5. Not dealing with DRM
While DRM in gaming is slowly but surely moving towards “always on” and “online activation” DRM schemes, things used to be a whole lot worse for gamers. Intrusive DRM methods like Securom, SafeDisc and StarForce became household names and were feared and avoided by many gamers. The result? Fewer sales and a serious hit on the reputation of PC gaming.
Only one company could have supported PC game developers in their quest to find a good DRM scheme, and that was Microsoft. They already gave developers a single platform to develop for with the release of DirectX and could have devised a DRM method that would be acceptable to both gamers and developers alike. Pushing such a DRM scheme through Windows Update would have shown true leadership by the software giant and taken away a big obstacle standing in the way of the growth of the PC as a gaming platform.
4. Underestimating Apple
Unix and its Linux siblings have always been the underdog on the desktop market and would have remained that way had Apple not chosen to move away from proprietary hardware for Macs. It required a new direction for their OS and they picked Unix as a base for Mac OS X and the Intel platform for their hardware. Suddenly, *nix based systems were rolling out of the factories at great speed and today over 10% of the world’s desktop run on Mac OS X or Linux.
That is a large enough market for PC developers to make their games available for. This is a good thing for Max OS X and Linux but the jury is still out on the impact on PC gaming as a whole. I’m not necessarily against diversification, but the fact of the matter is that diversification is in most cases the same as fragmentation. A fragmented market becomes more difficult to service, just ask any 'mobile' developer about developing for Android and iPhone. No, PC gamers would be better served by a strong, single platform, backed and kept healthy by Microsoft with a vested interest in PC gaming.
3. Games for Windows Live
As part of an effort to pull PC gaming from the slums, Microsoft released Games for Windows Live in the spring of 2007. Touting it as the best thing to happen to PC since DirectX, gamers laughed at the new service for being too late to the party and went on to play their Steam-powered games. Their laughs died a quick death when some of their favorite franchises were released with Games for Windows Live support rather than Steam support. Struggling with the services’ clunky interface, its intrusive in-game overlay and the (by PC gamers at least) hated Microsoft Points payment system, frustrations ran so high that there was little left to laugh about.
Later iterations of Games for Windows Live left gamers cold, ultimately leading to the complete failure of the service. The newly announced Xbox Live Arcade addition to the upcoming Windows 8 will likely mean the end of Games for Windows Live. Had Microsoft cared enough about PC gaming, Games for Windows Live could have been a serious competitor to Steam, giving that platform a run for its money.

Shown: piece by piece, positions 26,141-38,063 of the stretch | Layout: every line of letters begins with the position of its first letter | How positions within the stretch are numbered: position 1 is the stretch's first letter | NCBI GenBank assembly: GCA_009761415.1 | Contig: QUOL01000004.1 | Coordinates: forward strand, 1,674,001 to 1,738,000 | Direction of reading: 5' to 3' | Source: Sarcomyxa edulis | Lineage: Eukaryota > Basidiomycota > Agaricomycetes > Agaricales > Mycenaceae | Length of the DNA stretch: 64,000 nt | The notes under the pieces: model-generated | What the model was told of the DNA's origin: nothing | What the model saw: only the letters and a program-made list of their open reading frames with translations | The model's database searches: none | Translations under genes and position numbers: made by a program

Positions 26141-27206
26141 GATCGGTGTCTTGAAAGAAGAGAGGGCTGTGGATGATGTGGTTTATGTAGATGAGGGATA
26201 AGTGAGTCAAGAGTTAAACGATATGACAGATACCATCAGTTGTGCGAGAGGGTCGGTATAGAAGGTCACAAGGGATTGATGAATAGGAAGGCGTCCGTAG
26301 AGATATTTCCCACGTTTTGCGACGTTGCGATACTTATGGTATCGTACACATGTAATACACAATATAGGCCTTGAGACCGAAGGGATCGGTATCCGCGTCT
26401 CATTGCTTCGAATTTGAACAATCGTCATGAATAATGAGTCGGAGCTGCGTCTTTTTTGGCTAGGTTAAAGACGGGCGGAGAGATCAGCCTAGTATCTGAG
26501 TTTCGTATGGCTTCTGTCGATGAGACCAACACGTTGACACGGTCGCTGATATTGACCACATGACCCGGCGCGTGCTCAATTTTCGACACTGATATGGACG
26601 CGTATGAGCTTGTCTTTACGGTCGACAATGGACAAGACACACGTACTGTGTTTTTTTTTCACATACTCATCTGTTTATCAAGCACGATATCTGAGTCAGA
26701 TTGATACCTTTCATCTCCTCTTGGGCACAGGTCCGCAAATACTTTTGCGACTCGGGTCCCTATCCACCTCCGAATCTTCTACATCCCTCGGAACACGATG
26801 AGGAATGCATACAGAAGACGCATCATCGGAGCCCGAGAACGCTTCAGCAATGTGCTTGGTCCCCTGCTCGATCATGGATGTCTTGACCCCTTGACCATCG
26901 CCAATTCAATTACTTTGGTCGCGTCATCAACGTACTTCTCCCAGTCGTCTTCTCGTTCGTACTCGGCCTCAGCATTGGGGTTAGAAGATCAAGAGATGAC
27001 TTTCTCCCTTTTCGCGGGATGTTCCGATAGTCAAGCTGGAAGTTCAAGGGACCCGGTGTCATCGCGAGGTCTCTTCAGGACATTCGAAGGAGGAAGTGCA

2. PC Gaming Alliance
Formed in 2008, the PC Gaming Alliance vied to promote the PC as a gaming platform. Focusing on areas such as piracy, marketing and retail sales, the ideals of the organization are admirable. Ideals, however, are not always enough to make something happen.
Microsoft was one of the original founders of the PC Gaming Alliance but jumped ship early this year. Their motivations for doing so unclear, it stands to reason that it has something to do with the fact that all the organization has achieved so far, is produce some statistics on PC gaming in general and repeatedly saying how healthy it is. I have little hope for the PC Gaming Alliance itself, but am appalled at Microsoft’s inability to mould it into the platform champion it could have been. Clearly a missed opportunity and one that Microsoft held all the cards for. If properly managed, it could have reinvigorated PC gaming years ago.
Arguably, Steam has single handedly saved PC gaming. It successfully addresses the issue of DRM in games and offers a unified platform for publishers to market their PC games on. With over 35 million active users, it has become - the - voice of the PC gaming community and is responsible for an estimated 70% of the total digital PC market worth 4 billion dollars in sales.
And then to think that Microsoft could have had it all...
Gabe Newell, founder of Valve and ‘father’ of Steam, originally worked at Microsoft. At some point he offered the idea of Steam to Microsoft, hoping their marketing power would boost the platform into existence. Microsoft scoffed at the idea, leaving Mr. Newell to find a different way to make his dream a reality.
It is fortunate that he did, as Microsoft’s obvious years-long disdain for PC gaming would probably have meant an underwhelming experience for a Microsoft-built Steam. It seems likely, though, that a supportive Microsoft could have given Steam a major push early in its life. Had that happened, there is no doubt in my mind that the phrase “PC as a gaming platform is dying” would never have become so popular.
Reading back, it is difficult to take Microsoft seriously when they say that they will invigorate PC gaming with Windows 8. They have promised to do so before, but their heart was never in it. Instead, they have held back PC gaming. Why would it be different now? I’m certain that the recently announced Xbox Live Arcade integration in Windows 8 will happen but if all it serves to do is allowing gamers to play Xbox Live Arcade titles bought with those annoying Microsoft Points, it will not achieve its goals.